Robert Gates worked for eight American presidents, but the leader who inspired him most, said the former U.S. secretary of defense, was a person he’d never met.
That leader was Gen. George Marshall.
Gates had an opportunity Thursday morning to highlight Marshall’s leadership characteristics in a most appropriate event: the annual Marshall Lecture.
And it was an appropriate spot, not far from the house where Marshall lived in 1936-38 when he commanded troops at Vancouver Barracks.
Marshall can teach us a lot about character and service, Gates told the audience at Hudson’s Bay High School.
“He was the gold standard for character and moral courage,” Gates said.
After the lecture, presented by the Fort Vancouver National Trust, Gates visited students at Marshall Elementary.
Gates had a long career in the Central
Intelligence Agency before serving as secretary of defense under President George W. Bush and then President Barack Obama.
Gates had an inside view of pivotal moments in modern history — including some that were part of Academy Award winner “Argo” and fellow Oscar nominee “Zero Dark Thirty.”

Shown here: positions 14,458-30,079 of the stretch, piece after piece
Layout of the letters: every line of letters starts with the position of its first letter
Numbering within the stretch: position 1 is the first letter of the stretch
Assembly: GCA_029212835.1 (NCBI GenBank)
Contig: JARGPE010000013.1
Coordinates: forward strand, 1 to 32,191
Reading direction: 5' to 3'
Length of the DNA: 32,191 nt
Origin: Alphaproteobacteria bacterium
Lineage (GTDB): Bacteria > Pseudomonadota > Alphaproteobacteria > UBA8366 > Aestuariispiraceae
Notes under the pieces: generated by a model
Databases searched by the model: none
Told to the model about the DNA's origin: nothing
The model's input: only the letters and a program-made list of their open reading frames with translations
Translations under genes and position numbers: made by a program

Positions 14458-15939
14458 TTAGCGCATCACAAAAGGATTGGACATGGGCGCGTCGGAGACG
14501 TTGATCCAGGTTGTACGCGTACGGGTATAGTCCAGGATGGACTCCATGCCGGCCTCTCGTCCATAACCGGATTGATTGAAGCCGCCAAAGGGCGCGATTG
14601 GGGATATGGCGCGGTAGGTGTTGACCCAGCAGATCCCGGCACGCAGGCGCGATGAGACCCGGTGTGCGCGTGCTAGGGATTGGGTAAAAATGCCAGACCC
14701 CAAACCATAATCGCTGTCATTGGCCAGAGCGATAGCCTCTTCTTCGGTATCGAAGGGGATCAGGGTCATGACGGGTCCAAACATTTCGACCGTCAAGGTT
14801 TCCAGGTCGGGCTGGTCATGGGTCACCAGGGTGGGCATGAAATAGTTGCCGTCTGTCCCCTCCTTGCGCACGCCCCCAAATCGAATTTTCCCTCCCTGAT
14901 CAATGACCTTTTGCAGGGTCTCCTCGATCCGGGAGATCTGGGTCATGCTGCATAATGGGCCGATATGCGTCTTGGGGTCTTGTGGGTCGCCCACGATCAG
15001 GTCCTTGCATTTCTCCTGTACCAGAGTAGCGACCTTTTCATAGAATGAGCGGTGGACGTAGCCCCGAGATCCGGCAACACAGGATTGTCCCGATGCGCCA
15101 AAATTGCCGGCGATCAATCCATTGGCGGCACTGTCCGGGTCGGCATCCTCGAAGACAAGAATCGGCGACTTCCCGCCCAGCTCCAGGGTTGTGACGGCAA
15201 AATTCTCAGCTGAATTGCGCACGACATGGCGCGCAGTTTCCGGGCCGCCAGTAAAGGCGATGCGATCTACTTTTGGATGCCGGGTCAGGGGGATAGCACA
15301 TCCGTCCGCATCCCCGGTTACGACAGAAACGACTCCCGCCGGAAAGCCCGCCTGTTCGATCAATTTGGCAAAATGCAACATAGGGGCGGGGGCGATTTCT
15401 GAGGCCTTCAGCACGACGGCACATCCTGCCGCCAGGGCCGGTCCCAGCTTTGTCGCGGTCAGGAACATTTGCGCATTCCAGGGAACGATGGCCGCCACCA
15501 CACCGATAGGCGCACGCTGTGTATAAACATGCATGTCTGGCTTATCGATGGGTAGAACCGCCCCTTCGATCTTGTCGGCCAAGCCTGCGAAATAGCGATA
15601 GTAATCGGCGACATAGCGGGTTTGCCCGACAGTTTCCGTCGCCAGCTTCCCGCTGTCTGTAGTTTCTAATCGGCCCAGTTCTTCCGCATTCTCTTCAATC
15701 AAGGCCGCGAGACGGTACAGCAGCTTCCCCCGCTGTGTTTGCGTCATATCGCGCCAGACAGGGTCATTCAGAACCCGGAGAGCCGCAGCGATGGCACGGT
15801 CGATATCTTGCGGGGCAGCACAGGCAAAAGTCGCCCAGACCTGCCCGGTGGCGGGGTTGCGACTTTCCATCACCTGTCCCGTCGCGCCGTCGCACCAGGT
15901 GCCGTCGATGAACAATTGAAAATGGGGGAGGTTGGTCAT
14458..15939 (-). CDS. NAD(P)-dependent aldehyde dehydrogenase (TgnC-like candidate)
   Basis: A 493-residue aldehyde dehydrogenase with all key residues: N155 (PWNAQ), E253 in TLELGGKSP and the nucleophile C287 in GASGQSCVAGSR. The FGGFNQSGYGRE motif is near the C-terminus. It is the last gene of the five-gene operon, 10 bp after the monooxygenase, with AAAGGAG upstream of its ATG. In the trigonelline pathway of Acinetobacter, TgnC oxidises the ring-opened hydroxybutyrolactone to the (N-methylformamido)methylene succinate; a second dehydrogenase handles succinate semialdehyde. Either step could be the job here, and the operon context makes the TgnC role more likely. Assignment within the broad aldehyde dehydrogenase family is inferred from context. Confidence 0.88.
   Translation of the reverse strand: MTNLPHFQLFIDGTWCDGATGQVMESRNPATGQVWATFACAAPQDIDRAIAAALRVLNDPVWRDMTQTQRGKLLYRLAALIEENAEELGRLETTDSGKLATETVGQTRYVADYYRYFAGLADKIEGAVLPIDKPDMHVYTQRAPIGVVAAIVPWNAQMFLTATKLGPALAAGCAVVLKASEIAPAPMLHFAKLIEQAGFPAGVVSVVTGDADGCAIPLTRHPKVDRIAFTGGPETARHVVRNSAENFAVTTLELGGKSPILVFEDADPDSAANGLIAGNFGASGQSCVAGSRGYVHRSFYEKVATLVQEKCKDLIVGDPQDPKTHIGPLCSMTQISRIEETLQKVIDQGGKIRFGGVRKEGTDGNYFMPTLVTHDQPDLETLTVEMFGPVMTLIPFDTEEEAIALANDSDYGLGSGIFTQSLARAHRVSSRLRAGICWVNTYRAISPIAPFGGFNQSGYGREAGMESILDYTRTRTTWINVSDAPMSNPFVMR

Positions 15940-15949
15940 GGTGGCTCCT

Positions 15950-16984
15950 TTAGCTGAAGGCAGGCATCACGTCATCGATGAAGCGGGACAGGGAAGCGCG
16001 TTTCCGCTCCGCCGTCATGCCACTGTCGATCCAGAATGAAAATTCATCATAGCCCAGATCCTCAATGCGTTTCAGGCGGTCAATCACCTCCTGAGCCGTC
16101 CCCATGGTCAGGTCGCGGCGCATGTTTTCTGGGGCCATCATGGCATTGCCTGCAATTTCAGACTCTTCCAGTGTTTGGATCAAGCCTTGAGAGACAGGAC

Gates noted that Marshall’s career included history-making moments, where his character helped form wartime decisions.
During World War I, then-Capt. Marshall was on the staff of Gen. John Pershing. He was a hard-nosed general at the best of times, but the war in France was not going well, and “Blackjack” Pershing was in a foul mood. Marshall had some advice for Pershing about how to improve things.
“How courageous, to stand up to Pershing and tell him things he needed to know,” Gates said. His fellow officers figured Marshall was headed for the trenches, but Pershing paid attention.